Anatomy of a Market Panic: Sellers and Buyers

| About: iShares MSCI (EWJ)

It may seem strange to be discussing the anatomy of a panic in a month where we made money, but March offered us an insight into the behavior of markets during periods of high uncertainty.

The March 11 earthquake hit Japan with 15 minutes left in the trading day. An otherwise uneventful Friday at the Tokyo Stock Exchange ended with a 1.7% decline after the earthquake was felt. Over the course of the weekend, as more details emerged and the extent of the damage became apparent and the fear of a nuclear accident set in, a number of investors around the world decided to ‘sell Japan’.

On Monday morning, the Nikkei opened 2% lower and then fell another 4% over the course of the day. By the close of business on Tuesday, investors had driven the value of the third largest stock exchange in the world down by 16% over two days.

Was this a rational thing to do? Or was it a panic? We concluded that it was a panic – and thus would be reversed in short order. The panic diagnosis was arrived not by looking at Japan, but in looking at the activity in other markets.

A news event that was pushed off the front page by the situation in Japan was the March 14 decision by Saudi Arabia to send troops to Bahrain to help put down a civilian protest movement. There is an ethno-religous element to the Bahraini situation (not to mention it is the home of the US 5th Fleet) – the majority of the population are Shia-Muslims (the main religion of Iran) whereas the ruling elite are Sunni Muslims (the main religion of Saudi Arabia). So, on the day that Saudi troops put down a Shia-led demonstration within a few miles of US Naval Forces Central Command in the middle of the oil-rich Persian Gulf, the price of oil....fell. By 3%.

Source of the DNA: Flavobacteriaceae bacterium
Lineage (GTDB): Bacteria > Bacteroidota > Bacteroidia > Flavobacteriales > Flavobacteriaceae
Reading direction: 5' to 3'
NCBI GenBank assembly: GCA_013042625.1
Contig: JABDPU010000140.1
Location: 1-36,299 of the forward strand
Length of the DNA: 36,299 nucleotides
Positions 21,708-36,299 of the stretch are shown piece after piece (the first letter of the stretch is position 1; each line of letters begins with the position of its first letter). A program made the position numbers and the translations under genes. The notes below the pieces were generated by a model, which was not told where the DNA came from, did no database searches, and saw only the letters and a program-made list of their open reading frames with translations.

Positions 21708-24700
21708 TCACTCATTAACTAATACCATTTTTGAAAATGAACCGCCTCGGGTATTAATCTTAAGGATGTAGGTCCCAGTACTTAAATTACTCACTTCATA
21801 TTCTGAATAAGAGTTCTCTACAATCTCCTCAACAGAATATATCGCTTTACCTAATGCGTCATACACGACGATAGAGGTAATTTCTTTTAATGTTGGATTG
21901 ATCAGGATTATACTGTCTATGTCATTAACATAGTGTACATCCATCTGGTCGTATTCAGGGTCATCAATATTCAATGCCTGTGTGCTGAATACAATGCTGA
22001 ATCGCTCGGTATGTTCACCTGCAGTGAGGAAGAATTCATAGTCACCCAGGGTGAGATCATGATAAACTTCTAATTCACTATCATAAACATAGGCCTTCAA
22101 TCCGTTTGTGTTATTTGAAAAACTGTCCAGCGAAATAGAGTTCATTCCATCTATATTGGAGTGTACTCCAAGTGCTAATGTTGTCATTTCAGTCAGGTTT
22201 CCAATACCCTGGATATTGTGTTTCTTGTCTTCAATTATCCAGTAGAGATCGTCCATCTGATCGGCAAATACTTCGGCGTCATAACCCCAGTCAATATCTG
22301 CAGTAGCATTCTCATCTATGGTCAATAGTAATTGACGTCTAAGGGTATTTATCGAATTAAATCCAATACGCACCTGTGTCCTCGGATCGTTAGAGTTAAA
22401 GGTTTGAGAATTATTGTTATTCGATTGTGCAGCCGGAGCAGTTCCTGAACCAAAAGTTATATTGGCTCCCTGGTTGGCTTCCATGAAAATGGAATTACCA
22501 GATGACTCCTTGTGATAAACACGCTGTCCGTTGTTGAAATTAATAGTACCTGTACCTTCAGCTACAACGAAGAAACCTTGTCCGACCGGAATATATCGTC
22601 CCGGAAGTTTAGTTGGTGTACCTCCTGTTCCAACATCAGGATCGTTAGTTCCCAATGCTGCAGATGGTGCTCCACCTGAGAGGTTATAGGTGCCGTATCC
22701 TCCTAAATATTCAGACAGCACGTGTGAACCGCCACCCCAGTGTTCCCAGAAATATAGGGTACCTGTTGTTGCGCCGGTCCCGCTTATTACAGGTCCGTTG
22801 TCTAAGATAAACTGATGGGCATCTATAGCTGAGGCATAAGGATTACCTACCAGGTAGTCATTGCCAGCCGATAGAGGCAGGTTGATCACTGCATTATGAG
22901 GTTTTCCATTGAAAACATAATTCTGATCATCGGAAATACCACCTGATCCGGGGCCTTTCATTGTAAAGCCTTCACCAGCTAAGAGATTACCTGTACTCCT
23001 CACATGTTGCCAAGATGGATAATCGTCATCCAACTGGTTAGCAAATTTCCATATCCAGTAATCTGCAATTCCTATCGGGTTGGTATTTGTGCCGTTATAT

Gold fell; silver fell; even the price of rice fell.

One can almost imagine the instructions brokers received:

Client: “Get me out”.

Broker: “Of what?”

Client: “Everything.”

By the end of the month, the Nikkei had rallied. Not surprisingly, the selling turned out to be overdone. The panic sellers are quickly followed by the opportunistic buyers.

The bottom line is this – stocks have value because companies make profits. In the long run, the price of a stock is equal to the present value of its future cashflows. Whenever and wherever the next catastrophe occurs, the question to ask before selling is, ‘What does this mean for future corporate profits?’

As we saw with Hurricane Katrina, natural disasters which lead to construction activity boost the economy, jobs and profits. Sadly, in the case of Japan, it means billions in sales for builders of infrastructure and housing stock.